You Can Make Excuses or You Can Make Changes

Friday, July 3rd, 2015

I can make excuses about anything. Seriously, I am such a pro at it that I can rationalize almost anything. Why can’t I lose weight? Because I don’t have the energy, or I have no self-control. Why am I not going to the gym? Well, you see, I have this herniated disc that prevents me from doing any exercise that involves my back, which is almost all of them, so really I am doing good by not going to the gym, right? Wrong.

The reality is that all of my rationalizations are nothing more than what I like to call, “verbal diarrhea”.  They aren’t reasons, they are excuses. They are my way of saying that I am not willing to do what it takes to get closer to my goal. They are also my way of staying right where I am and not progressing any further.

That is why every time I notice myself making an excuse or rationalizing behavior that isn’t going to take me where I want to be, I need to ask myself how bad I want it. Really and truly, if I want something, I will do whatever it takes to get it. So, if I’m not willing to do what it takes, it may be simply that I don’t want it bad enough.

Kids are great at this concept, by the way. For example, if you tell your children to clean their room, they likely won’t do it (or at least they won’t do it well) because they don’t see the benefit to it. They don’t really want it.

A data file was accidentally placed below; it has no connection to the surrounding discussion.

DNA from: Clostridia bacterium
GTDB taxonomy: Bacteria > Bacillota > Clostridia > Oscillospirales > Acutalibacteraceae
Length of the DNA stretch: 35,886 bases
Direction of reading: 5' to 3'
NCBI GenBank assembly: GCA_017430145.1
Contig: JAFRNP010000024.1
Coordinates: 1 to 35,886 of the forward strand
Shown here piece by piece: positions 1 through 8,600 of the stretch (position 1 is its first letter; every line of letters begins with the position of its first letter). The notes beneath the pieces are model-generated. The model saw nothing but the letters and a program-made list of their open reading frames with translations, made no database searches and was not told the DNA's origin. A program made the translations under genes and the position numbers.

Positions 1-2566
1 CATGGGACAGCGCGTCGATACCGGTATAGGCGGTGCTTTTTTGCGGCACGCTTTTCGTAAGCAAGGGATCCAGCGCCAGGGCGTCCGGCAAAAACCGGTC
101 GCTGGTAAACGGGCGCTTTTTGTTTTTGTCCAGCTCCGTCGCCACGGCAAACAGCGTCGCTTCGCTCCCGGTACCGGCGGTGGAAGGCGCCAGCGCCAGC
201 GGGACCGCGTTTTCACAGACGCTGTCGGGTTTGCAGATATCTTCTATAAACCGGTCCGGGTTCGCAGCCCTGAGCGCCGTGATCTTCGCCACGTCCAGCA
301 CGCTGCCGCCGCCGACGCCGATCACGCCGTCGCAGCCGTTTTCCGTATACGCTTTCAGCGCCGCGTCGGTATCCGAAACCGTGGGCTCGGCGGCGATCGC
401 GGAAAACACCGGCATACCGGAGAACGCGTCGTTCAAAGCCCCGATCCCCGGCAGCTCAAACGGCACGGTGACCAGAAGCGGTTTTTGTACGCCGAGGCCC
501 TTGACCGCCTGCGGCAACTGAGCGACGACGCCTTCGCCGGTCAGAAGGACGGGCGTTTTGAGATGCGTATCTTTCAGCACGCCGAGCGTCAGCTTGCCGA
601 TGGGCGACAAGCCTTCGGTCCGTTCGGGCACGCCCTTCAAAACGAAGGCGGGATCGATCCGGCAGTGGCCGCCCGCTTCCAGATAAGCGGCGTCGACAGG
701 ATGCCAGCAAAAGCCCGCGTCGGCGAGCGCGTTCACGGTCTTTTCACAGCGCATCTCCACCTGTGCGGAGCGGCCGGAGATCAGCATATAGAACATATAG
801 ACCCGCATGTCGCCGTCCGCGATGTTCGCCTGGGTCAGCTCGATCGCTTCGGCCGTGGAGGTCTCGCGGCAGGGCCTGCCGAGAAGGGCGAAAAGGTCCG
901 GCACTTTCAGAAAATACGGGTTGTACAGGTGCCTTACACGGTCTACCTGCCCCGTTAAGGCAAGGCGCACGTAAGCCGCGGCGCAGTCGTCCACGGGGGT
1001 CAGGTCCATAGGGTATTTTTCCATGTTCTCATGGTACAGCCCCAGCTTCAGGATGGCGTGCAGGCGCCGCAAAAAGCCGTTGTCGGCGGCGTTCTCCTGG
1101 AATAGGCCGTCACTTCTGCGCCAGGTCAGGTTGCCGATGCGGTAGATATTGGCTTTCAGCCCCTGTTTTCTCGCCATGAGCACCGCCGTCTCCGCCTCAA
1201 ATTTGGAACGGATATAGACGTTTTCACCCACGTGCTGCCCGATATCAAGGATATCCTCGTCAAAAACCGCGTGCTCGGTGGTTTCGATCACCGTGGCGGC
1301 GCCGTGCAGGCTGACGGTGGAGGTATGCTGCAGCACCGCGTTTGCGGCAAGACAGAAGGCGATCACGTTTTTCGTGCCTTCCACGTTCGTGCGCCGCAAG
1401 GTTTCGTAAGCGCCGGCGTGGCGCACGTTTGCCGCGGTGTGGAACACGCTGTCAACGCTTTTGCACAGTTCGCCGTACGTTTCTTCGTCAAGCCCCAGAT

On the same token, if you were to say, “Hey there Johnny and Sally, if you clean your room today then I am going to take you to Disney next week,” you better get out of their way because that room will be spotless in no time. They will be asking for all purpose cleaner and the vacuum, two things you didn’t even realize they knew existed, because they want to show you that they really, really, really want to see Mickey, Minnie, and all of the other Disney characters. They want it, so they do it.

So, if you don’t feel that sort of level of commitment or passion toward whatever it is that you keep making excuses about, ask yourself how bad you really want it. And if you do want it, why aren’t you doing it? What are you afraid of? What is standing in your way?

Once you have dissected it and figured out why you have been rationalizing or excusing your behaviors (or lack thereof), then you can decide whether you truly want it or not. Maybe you don’t, and if that is the case, that is okay too.

But if you do, maybe it is just for the wrong reasons or perhaps it is that you haven’t given it the time necessary to wrap your head around why it is important to you. Take care of that then and you will finally be able to get past the excuses and start working toward results.

Essentially, you have two options: You can make excuses or you can make changes. Which one do you want to do?


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